What’s better than one bottle of sake? Three bottles of sake! Especially when they come from a brewery with the creative skills and history of the Kikuchi Sake Brewery in Okayama Prefecture.
Read on to learn the stories and tasting profiles of three very different types of nihonshu: Sanzen tokubetsu junmai, Kiseki No Osake and Sanzen junmai daiginjo.
Let’s start with the history of the Kikuchi brewery. Founded in 1891 in Tamashima, an industrial sector of Kurashiki City, the brewery exists in an area that’s famous for its trading ports. In the past, large junk ships called sengoku were docked in Kurashiki and transported rice and sake between Osaka and Tokyo,
Kikuchi is watched over by To Kikuchi, who took on the role of toji in 1996. Kikuchi-san brings a gentle, sophisticated style to sake production, which is best summed up by his philosophy:
“Brew delicious, crisp sake that one won’t be able to forget after their first sip.”
Another interesting thing about Kikuchi-san’s background is that he’s an engineer and musician, founding the Kurashiki Chamber Orchestra in 1974. He plays Mozart music at the brewery every season because he believes it helps create better sake. He explained:
“We are a brewery that plays music during the entire sake preparation and brewing processes in order to stimulate the yeast positively. Life requires stimulation, and it is characteristic of living things that they cannot function well without it. Listening to music promotes yeast proliferation. In addition, it decreases yeast mortality rates.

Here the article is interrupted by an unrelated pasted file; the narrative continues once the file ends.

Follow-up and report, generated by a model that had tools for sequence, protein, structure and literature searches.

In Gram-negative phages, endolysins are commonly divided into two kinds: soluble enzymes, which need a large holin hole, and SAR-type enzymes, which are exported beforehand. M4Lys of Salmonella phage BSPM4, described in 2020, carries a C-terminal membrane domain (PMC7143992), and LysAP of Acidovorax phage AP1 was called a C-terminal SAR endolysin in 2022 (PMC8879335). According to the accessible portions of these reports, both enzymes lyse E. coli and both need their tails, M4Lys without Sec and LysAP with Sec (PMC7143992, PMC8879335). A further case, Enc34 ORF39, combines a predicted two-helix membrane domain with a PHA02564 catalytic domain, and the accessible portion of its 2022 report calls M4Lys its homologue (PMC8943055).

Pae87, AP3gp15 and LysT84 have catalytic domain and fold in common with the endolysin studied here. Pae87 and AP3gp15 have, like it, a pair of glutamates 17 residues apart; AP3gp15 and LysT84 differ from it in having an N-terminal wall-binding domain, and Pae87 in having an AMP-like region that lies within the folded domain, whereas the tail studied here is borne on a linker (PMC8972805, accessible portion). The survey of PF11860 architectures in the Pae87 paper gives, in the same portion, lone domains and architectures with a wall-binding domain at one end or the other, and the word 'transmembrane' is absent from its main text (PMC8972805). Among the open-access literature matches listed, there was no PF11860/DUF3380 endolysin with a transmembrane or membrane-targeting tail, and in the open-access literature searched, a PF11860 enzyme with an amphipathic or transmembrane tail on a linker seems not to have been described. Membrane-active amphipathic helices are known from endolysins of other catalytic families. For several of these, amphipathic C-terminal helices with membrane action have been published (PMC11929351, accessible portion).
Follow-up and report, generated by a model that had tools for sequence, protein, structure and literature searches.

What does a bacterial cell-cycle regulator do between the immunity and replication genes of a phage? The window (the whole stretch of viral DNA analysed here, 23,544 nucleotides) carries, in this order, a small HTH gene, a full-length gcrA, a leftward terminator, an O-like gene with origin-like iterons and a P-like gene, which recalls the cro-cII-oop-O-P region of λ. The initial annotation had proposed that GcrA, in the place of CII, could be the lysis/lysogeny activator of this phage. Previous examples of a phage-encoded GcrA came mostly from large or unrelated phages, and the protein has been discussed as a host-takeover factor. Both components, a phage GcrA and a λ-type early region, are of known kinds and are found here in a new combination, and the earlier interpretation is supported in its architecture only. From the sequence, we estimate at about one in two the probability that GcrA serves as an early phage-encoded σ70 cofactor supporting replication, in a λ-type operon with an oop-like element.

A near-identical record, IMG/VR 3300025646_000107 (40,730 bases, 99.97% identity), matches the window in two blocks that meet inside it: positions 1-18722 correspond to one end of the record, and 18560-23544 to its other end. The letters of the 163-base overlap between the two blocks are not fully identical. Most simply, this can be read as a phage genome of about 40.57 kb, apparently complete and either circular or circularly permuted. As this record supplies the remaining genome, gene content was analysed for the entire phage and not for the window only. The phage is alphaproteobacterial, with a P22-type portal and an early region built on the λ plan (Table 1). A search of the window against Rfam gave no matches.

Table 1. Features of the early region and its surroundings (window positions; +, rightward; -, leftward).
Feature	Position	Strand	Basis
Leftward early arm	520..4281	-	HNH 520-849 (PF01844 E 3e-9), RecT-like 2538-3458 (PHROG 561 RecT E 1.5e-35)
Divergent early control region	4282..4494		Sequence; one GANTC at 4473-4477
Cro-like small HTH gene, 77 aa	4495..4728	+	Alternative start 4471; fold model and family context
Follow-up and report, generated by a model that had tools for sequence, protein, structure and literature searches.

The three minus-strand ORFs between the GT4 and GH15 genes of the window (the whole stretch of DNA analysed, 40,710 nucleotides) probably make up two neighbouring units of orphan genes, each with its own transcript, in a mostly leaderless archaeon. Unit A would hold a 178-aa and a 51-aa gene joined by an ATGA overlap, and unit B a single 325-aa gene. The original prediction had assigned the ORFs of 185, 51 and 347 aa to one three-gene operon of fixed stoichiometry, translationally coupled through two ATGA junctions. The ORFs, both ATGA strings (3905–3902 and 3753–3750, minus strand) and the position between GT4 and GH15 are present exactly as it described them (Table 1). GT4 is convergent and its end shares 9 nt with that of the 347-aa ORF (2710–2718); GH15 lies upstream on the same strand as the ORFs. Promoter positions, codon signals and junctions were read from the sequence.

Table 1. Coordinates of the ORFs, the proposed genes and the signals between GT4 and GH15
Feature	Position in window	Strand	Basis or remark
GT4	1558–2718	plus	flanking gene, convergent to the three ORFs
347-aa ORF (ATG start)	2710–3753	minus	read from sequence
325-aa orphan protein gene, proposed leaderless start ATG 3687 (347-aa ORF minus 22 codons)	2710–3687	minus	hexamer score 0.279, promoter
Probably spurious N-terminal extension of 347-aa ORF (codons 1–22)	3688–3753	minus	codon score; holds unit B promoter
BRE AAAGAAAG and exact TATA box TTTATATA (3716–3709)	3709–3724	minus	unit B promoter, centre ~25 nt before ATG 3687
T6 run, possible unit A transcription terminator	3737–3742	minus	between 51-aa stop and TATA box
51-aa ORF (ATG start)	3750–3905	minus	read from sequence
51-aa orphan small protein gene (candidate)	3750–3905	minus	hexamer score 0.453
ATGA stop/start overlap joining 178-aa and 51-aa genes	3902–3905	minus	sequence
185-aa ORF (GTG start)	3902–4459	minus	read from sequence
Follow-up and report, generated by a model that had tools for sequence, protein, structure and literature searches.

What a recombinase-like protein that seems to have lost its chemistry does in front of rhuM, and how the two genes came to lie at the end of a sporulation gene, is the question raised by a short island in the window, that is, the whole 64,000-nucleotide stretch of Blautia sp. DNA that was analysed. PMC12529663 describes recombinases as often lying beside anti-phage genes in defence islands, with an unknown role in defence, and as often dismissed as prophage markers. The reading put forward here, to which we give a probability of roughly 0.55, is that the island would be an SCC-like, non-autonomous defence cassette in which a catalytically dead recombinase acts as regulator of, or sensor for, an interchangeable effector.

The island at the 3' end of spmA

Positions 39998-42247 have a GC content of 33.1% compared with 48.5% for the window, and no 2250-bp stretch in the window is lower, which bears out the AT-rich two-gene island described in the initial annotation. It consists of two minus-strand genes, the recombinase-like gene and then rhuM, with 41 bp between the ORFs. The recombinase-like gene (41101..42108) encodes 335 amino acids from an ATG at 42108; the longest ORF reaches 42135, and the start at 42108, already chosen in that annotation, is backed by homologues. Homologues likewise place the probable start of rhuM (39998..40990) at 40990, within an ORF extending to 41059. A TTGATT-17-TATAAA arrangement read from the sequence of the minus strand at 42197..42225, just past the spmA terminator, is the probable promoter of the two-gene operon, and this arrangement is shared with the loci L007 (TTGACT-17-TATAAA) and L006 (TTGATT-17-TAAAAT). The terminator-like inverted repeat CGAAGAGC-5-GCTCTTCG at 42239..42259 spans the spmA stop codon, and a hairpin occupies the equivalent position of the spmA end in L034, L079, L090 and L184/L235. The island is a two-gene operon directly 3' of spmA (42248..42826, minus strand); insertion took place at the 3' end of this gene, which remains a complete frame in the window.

The music we play produces sake with a fresh aftertaste and a crisp finish. While we’ve played a variety of music, Mozart is the best. Thus, we play Mozart for over ten years.”
The next generation of the Kikuchi family, Daisuke and Yoko, have taken up the call to promote the brewery to the world and continue to make delicious sake.
Sanzen tokubetsu junami
Of the three, this was the first bottle I tried and I can say it lived up to its name. Sanzen means brilliant and I was blown away with the wonderful mixture of sweet, spicy and savoury flavours that came together in the glass.
The main flavours I got were apple, cinnamon, apricot, pineapple and mushrooms. The sweetness builds in the front of the mouth, with a spicy undercurrent coming up after a couple of sips. Would recommend chilled.
Polishing ratio: 65%
Kiseki No Osake
Translating to ‘sake of miracles,’ this crowd-pleasing nihonshu does what it says on the label. There’s a briny, creamy quality that bursts into the mouth and electrifies the taste buds. It was an unexpected experience because I’m used to a lot of ginjos having fruity aspects. Just goes to show that nothing is ever as you would expect in the sake industry and that keeps it endlessly fascinating.
Overall, this sake is refreshing and sessionable. It’s also brewed with care. The rice strains used to make Kiseki No Osake are grown without chemicals and pesticides.
Polishing ratio: 55%
Sanzen junmai daiginjo
Last and certainly not least is the effervescent Sanzen junmai daiginjo. This has all the qualities of an epic daiginjo: fruity, flavoursome and way too easy to drink!
A clean texture appears on the tongue, acting as a palate cleanser and a way to enjoy your next mouthful of food. Mandarin orange, pear, grapefruit and anise are the main flavours that I detected.
Polishing ratio: 50%
This sake collection was kindly provided by Sorakami, a premium sake provider in the UK. Shop for some amazing nihonshu and enjoy a variety of styles and tastes!